What is “ESG”?

guy carrying earth

(Originally published on LinkedIn April 4, 2019)

For those of you interested in socially responsible investing, employers, or entrepreneurial pursuits, many terms get thrown around like “triple bottom line,” “circular economy,” “P3” (people, planet, profit), “impact investing,” etc. that can be difficult to parse through. But the concept and term that seems to be gaining use by companies and investment professionals now that is an actually somewhat quantifiable standard is “Environmental, Social, and Governance (ESG)” criteria. I was not very familiar with this term or how it was defined or practiced, so I went and did some digging that I thought I’d share.

ESG criteria are a set of standards for a company’s operations that socially conscious or sustainability-minded investors can use to screen potential investments. It can also be a guidepost for choosing an employer, or for starting a company, since as Jigar Shah says in his book Creating Climate Wealth, an entrepreneur should never start a venture as a way to make money, but instead focus on solving real problems. In broad strokes, ESG criteria are broken down into the three interrelated areas indicated in the title. Environmental criteria consider how a company performs as a steward of nature. Social criteria rate how a company manages relationships with its employees, suppliers, customers, and the communities in which it operates. Governance involves a company’s leadership, executive pay, accounting practices, and shareholder rights. Examples of ESG criteria used by investors include the company’s impact on climate change or carbon emissions, water use or conservation efforts, anti-corruption policies, board member diversity, human rights efforts, and community development.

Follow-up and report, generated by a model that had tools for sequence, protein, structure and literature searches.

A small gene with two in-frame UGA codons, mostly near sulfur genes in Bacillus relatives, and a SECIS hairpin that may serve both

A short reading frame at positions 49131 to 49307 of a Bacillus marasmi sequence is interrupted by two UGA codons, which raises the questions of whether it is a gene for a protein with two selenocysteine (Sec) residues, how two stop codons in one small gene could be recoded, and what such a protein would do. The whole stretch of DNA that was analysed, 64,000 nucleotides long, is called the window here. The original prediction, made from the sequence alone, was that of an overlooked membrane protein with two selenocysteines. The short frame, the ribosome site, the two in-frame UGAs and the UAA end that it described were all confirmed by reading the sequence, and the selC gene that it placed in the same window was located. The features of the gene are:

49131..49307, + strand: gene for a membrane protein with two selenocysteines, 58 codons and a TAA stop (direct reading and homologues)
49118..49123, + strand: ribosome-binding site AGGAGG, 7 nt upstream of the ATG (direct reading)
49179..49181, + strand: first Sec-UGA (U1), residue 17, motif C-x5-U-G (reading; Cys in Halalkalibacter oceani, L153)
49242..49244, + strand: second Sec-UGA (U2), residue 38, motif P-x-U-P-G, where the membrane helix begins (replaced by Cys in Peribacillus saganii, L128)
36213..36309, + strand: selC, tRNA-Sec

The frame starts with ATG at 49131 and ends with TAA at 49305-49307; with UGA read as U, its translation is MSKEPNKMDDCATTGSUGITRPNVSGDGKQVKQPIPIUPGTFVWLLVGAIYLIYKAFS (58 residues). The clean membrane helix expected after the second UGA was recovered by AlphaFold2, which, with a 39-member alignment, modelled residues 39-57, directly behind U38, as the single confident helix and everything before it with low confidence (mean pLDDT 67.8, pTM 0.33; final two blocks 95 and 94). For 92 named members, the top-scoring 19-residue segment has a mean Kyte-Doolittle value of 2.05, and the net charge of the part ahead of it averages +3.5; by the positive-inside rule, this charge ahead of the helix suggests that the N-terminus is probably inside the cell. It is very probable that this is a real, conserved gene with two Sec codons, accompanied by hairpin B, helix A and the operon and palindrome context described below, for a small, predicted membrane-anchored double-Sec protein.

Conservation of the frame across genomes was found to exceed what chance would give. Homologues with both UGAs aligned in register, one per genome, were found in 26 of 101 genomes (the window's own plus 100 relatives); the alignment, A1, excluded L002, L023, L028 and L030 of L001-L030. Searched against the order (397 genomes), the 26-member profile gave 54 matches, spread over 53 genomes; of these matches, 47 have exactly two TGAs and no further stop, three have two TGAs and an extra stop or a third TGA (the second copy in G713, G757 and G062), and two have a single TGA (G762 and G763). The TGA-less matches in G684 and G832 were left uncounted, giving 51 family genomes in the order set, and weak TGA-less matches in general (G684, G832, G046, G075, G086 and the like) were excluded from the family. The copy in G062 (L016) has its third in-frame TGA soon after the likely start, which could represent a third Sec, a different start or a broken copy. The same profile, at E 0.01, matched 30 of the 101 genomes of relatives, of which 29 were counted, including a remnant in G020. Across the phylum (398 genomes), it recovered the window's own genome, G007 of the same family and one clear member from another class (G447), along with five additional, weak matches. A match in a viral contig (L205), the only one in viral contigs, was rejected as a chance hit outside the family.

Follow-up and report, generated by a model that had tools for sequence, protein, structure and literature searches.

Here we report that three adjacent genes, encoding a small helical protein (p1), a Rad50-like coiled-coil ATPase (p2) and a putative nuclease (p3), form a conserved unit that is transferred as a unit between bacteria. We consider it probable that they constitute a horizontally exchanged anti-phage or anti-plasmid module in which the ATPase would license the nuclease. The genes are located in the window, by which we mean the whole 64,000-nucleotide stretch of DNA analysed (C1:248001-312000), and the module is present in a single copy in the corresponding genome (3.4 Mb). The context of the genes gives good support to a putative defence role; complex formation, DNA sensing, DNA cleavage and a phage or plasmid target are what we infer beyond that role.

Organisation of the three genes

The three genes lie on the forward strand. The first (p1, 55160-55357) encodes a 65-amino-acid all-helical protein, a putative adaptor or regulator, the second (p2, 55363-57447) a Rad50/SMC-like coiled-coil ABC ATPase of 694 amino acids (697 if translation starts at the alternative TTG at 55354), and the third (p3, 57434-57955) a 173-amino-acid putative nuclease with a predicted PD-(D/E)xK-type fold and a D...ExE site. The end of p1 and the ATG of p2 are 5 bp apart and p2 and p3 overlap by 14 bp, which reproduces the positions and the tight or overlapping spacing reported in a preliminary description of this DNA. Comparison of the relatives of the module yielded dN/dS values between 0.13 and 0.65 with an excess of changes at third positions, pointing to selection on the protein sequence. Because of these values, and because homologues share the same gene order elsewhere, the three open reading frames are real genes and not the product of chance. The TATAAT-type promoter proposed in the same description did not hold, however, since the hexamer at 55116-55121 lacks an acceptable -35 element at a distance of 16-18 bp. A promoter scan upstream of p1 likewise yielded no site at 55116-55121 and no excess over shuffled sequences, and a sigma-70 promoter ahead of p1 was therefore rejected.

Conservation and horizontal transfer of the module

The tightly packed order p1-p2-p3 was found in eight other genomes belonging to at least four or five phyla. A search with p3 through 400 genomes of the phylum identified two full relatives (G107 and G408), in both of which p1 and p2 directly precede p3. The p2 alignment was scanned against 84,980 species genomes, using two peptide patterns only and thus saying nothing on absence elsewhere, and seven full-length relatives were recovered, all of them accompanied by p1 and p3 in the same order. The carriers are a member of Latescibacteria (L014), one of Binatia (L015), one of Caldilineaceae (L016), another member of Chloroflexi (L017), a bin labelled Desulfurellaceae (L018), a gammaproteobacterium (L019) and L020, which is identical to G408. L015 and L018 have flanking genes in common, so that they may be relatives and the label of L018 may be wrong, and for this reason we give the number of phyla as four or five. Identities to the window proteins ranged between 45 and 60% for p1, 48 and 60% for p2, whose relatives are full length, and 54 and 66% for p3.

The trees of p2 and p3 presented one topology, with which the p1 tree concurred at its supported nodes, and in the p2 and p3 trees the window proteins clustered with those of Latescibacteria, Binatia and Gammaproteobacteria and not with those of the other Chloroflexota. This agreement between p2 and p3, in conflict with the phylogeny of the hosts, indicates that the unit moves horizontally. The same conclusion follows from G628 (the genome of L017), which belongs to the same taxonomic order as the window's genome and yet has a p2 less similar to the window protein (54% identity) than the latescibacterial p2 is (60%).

Environmental criteria take into consideration a company’s energy use, waste, pollution, carbon emissions, natural resource conservation, and animal treatment. Particular emphasis is placed on how a company manages environmental risk and which of those risks might affect the company’s income.

Social criteria evaluate the company’s business relationships. Whether suppliers reflect the company’s values, whether profits are donated to community causes, how the company values its employees’ health and safety, and fiduciary responsibility on behalf of shareholders are all considered.

Governance gets into whether a company uses accurate and transparent accounting methods, represents common and minority shareholders fairly e.g. allowing them to vote on important issues, whether the company avoids conflicts of interest among its board members, whether there is diversity among the leadership and board, and whether the company engages in illegal behavior or uses political contributions to obtain favorable treatment.